You would think that as a ghost he couldn't be beaten up as much as in the other books.
Well....he can!

This is perhaps one of the more complex Dresden books, and it ties in a lot of threads from the previous books, so you should read up on them first before starting this one.

It is a great book, and if you like the previous books, you will like this one as well.
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on 29 November 2011
Having decided to give this series a go right around the time Ghost Story was released I have pretty much read each installment back to back. As you can imagine this was a major plus for me when I became instantly hooked after book one. The flip side of this coin however is that now I have to let go of these characters after having been with them for a significant amount of time and as Harry is prone to say. "It hurts". (Yes, I know. This is not the final chapter of the series.)

Ghost Story has some solid character development especially with regards to Harry's introspection during the plot's developments and Butcher shows grace in his ability to reach back into the events of Harry's past and shine new perspective on elements of the story. However, Ghost Story does end on somewhat of a cliffhanger. Even though other characters have a chance to make an appearance, blossom and become more refined, long standing developments and undercurrents that have been present for many volumes have yet to be addressed.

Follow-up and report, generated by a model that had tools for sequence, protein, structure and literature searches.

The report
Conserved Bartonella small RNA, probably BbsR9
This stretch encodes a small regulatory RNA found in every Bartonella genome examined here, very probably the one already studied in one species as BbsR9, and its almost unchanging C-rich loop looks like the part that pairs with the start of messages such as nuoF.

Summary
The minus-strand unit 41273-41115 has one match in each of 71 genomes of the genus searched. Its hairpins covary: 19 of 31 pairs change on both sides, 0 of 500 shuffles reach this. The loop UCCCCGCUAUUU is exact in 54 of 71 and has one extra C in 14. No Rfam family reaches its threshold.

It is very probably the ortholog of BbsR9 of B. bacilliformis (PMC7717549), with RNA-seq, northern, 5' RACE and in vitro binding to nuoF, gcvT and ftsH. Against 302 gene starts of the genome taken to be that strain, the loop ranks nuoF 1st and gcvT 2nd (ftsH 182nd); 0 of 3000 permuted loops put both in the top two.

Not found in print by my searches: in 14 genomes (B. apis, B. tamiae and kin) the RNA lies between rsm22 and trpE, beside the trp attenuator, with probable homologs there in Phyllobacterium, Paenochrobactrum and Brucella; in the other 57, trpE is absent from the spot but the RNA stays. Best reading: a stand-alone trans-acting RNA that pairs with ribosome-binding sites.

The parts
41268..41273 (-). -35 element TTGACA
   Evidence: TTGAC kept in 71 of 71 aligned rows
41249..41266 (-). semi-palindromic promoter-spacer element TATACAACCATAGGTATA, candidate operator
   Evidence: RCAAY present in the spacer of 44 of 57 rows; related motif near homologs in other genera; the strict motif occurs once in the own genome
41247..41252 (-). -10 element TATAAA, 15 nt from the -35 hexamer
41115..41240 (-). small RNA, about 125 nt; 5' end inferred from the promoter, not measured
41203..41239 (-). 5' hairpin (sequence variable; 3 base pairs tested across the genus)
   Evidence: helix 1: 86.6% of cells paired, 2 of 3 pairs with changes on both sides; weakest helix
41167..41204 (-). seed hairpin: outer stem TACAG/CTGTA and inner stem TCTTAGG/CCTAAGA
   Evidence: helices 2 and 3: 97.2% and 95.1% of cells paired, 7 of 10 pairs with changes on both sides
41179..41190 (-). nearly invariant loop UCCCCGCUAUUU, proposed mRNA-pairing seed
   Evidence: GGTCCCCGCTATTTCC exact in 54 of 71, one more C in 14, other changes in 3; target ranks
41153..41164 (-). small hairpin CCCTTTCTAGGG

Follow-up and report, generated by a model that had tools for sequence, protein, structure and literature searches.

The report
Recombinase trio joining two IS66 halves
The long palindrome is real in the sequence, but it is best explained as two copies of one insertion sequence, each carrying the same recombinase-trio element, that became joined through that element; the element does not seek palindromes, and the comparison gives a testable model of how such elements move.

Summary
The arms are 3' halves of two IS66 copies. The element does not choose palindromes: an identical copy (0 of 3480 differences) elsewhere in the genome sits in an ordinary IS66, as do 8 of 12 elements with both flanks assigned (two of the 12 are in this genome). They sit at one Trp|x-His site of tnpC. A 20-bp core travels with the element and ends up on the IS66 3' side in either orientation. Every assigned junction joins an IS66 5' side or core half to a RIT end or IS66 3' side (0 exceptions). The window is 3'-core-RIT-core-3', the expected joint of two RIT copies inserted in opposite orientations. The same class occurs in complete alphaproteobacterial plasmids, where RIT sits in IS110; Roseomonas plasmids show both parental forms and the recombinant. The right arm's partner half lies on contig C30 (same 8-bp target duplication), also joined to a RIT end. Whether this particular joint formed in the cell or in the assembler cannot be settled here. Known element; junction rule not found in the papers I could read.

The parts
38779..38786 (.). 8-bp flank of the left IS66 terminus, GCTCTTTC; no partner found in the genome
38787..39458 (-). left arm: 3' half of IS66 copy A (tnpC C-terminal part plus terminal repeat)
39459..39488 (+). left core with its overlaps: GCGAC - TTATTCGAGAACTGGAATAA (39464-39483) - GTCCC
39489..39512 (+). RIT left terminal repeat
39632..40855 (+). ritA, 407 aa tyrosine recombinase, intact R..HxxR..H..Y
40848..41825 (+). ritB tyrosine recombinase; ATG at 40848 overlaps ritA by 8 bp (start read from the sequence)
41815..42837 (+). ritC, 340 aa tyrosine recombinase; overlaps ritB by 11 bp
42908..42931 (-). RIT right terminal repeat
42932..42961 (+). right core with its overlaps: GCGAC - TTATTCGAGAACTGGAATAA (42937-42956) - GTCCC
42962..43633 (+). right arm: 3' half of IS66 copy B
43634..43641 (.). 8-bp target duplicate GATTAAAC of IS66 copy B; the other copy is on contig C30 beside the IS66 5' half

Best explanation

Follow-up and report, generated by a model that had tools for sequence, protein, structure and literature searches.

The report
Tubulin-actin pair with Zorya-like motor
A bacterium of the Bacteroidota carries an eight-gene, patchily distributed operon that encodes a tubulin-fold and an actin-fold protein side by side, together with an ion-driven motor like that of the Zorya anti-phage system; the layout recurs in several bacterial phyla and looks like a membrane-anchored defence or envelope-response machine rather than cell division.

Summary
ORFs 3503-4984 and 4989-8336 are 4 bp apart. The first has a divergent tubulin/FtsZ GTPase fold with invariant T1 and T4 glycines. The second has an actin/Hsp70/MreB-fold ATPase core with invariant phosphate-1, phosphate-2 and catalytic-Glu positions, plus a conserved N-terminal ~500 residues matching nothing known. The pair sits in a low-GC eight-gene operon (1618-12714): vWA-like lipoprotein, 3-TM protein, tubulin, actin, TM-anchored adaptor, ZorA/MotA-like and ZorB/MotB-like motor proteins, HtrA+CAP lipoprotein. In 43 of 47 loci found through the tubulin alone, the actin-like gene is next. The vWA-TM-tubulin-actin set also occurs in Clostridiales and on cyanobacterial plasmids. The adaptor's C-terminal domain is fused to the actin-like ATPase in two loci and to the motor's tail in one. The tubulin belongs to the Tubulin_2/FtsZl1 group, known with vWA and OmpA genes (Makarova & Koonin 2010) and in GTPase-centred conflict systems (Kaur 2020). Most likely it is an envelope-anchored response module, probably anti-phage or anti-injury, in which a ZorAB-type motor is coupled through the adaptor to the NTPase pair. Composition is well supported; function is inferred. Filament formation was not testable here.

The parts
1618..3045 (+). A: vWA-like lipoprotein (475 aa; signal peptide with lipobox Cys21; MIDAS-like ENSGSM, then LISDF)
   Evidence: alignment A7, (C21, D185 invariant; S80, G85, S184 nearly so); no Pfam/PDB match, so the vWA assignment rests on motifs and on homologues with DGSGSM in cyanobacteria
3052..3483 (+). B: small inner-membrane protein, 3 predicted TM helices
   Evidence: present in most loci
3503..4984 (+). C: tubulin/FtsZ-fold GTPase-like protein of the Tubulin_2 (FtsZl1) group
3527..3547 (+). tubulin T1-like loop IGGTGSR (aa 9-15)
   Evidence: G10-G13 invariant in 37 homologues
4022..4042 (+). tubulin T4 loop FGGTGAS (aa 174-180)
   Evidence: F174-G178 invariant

In truth I wouldn't be so harsh as to say that this was such a colossal problem as I'm pretty sure Butcher has several more installments in the works. My concern though is that with this type of voluminous series I'm just worried that the payoff for certain long term incomplete aspects, that are significant for me within the Dresden Files, will not be as rewarding as the promise in the journey or god forbid never make an appearance at all. I have yet to see some of those aspects bear fruit and I am just hoping that, when all is said and hopefully done, the juice will be worth the squeeze. This is all conjecture however and I am willing to give Butcher the benefit of the doubt. The only other issue is actually having to wait for the next installment (heh).